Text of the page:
The Common Good
July 1994

In Her Own Words

by Karen Lattea | July 1994

Bonnie Raitt's new release is personal and political

Mae West said, "Too much of a good thing is wonderful." On Longing in Their Hearts, the third release since Bonnie Raitt’s comeback, not much is different from Nick of Time (1989) and Luck of the Draw (1991)—but who’s complaining?

A compilation of blues rockers and pop ballads, of covers and originals, Hearts is a mixer that may entice even the wallflowers. Known for her thorough search for songs to record, Raitt gets our attention here with five of her own songs instead. Far from becoming complacent with success, Raitt is working as hard as ever.

The title song, with lyrics written by mate Michael O’Keefe and music by Raitt, is a toe-tapping story of a short-order cook: "He’s seen this/and he’s done that/Now he’s makin’ fried eggs an art/But there’s one thing/he can’t fix no how/there’s a longing in his heart." Levon Helm’s harmonies blend beautifully with Raitt’s melody, his voice as distinctive as it was in The Band.

The other originals are equally strong. "Cool, Clear Water" reflects a woman secure enough to handle intimacy, and the lyrics convey that desired vulnerability: "I want to feel my earth turn over, darlin’/til I’m rootless and unbound." Raitt seems to have kept her adventurous spirit even in marriage and adulthood, always looking for the edges of growth and risk.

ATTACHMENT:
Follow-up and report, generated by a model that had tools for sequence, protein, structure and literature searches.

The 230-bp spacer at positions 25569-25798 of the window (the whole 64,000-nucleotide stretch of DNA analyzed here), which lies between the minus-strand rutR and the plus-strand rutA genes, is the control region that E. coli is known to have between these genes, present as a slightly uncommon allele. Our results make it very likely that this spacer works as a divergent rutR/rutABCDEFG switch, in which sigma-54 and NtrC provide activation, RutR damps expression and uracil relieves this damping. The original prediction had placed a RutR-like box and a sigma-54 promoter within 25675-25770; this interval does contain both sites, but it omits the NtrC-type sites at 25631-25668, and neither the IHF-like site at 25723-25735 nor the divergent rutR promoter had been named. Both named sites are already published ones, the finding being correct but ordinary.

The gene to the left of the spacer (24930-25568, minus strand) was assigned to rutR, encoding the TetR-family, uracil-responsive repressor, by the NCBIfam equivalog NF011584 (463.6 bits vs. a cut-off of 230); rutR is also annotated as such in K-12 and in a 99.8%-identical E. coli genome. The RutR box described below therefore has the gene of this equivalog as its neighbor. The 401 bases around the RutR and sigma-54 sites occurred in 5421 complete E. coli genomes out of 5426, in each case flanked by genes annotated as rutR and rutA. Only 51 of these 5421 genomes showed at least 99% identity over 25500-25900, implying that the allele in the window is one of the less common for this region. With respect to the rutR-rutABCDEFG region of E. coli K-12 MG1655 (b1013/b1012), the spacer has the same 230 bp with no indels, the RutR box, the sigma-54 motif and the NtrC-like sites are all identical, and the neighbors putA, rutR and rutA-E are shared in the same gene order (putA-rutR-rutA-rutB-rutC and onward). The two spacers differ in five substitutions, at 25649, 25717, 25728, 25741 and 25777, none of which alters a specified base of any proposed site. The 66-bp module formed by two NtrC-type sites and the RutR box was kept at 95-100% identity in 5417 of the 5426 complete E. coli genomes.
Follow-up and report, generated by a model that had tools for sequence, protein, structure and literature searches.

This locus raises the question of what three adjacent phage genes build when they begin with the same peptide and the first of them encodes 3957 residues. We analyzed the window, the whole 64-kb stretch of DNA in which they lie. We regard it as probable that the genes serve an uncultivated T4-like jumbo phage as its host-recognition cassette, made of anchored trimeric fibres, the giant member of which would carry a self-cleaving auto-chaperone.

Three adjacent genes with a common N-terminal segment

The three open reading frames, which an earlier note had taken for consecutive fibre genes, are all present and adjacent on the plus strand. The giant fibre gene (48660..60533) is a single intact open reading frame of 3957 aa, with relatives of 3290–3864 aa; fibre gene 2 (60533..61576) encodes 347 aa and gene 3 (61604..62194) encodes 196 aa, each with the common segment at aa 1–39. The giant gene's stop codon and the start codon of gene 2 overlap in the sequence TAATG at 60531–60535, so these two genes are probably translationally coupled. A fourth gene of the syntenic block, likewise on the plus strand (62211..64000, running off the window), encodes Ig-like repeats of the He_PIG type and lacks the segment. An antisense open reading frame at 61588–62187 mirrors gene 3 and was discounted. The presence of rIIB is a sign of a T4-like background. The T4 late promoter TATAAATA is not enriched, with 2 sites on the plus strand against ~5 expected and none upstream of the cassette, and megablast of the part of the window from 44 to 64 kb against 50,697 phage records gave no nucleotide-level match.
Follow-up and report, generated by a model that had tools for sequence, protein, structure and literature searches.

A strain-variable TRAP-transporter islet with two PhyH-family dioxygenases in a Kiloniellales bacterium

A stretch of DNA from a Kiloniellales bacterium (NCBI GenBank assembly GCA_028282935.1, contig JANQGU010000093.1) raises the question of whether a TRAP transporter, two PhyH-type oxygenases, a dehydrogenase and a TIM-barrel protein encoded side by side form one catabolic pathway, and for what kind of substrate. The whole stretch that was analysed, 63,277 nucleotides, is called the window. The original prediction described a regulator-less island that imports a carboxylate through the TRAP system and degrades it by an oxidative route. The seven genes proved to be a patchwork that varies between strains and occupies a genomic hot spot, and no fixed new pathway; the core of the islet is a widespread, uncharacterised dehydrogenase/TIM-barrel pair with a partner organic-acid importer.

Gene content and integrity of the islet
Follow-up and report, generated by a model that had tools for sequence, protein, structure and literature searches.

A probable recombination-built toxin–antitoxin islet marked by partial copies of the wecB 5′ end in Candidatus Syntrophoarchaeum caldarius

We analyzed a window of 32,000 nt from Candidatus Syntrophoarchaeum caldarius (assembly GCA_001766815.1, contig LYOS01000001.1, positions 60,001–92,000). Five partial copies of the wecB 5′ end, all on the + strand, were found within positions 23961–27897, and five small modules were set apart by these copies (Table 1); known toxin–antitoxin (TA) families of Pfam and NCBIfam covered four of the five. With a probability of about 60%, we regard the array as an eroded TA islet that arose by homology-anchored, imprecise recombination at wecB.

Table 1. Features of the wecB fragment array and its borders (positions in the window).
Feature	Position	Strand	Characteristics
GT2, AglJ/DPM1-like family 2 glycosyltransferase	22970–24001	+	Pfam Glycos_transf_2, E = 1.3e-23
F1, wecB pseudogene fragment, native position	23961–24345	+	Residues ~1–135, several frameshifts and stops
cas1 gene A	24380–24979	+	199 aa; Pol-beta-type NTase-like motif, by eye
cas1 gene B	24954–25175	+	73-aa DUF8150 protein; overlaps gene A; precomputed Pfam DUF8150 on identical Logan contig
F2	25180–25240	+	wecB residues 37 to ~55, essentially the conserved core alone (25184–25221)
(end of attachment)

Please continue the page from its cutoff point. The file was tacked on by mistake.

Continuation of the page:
Poignant early lessons of growing up are the subject of "Circle Dance," especially as the hurts and disappointments linger into present relationships: "It’s a bitter heirloom handed down/these twisted parts we play/I’m not her and you’re not him/It just comes out that way." Bittersweet lyrics, Raitt’s soulful electric piano, and harmonies by David Crosby combine to create a memorable ballad.

On "Feeling of Falling," we’re reminded of Raitt’s earlier struggles (perhaps adventures turned sour), which may be past but are not gone: "I’m through with all that mess/But the way I’m feelin’ now, darlin’/Well, it scares me half to death." Her very funky organ line helps to capture the feeling: The past was fun, maybe, but it was dangerous.

"Hell to Pay" is social commentary—with lyrics and a driving beat in Bob Dylan style. While she is a self-described "Ms. Benefit," it’s new for her to write such lyrics as, "All your investments are turnin’ sour/Kinda spoils your happy hour." This glimpse of Raitt’s political voice is an important contribution here.

AMONG THECOVERS included on Hearts is Richard Thompson’s "Dimming of the Day," one of his characteristically pained ballads. It’s a great example of her ability to make another’s song her own, in this case accompanied on acoustic guitar by the author himself.

In fact, credit is due to anyone shecovers. She goes through hundreds of songs a month, many sent to her by songwriters for audition. Said Raitt in a recent Musician interview, "The minute I hear slide [guitar] I throw it out—like they think I’m too stupid to figure out where the slide guitar would go."

She knows just how to handle the acoustic slide on the closing song, "Shadow of Doubt," a cover arranged as a lean-and-mean blues tune. Accompanied by her own tapping foot and veteran blues harp player Charlie Musselwhite (whose current release, In My Time, also merits attention), this song acts as a history lesson, for Raitt personally and for the blues in general: "Oh but Lord no/don’t make it easy/keep me workin’/til I work it on out/Just please shine/enough light on me/til I’m free/from this shadow of doubt."

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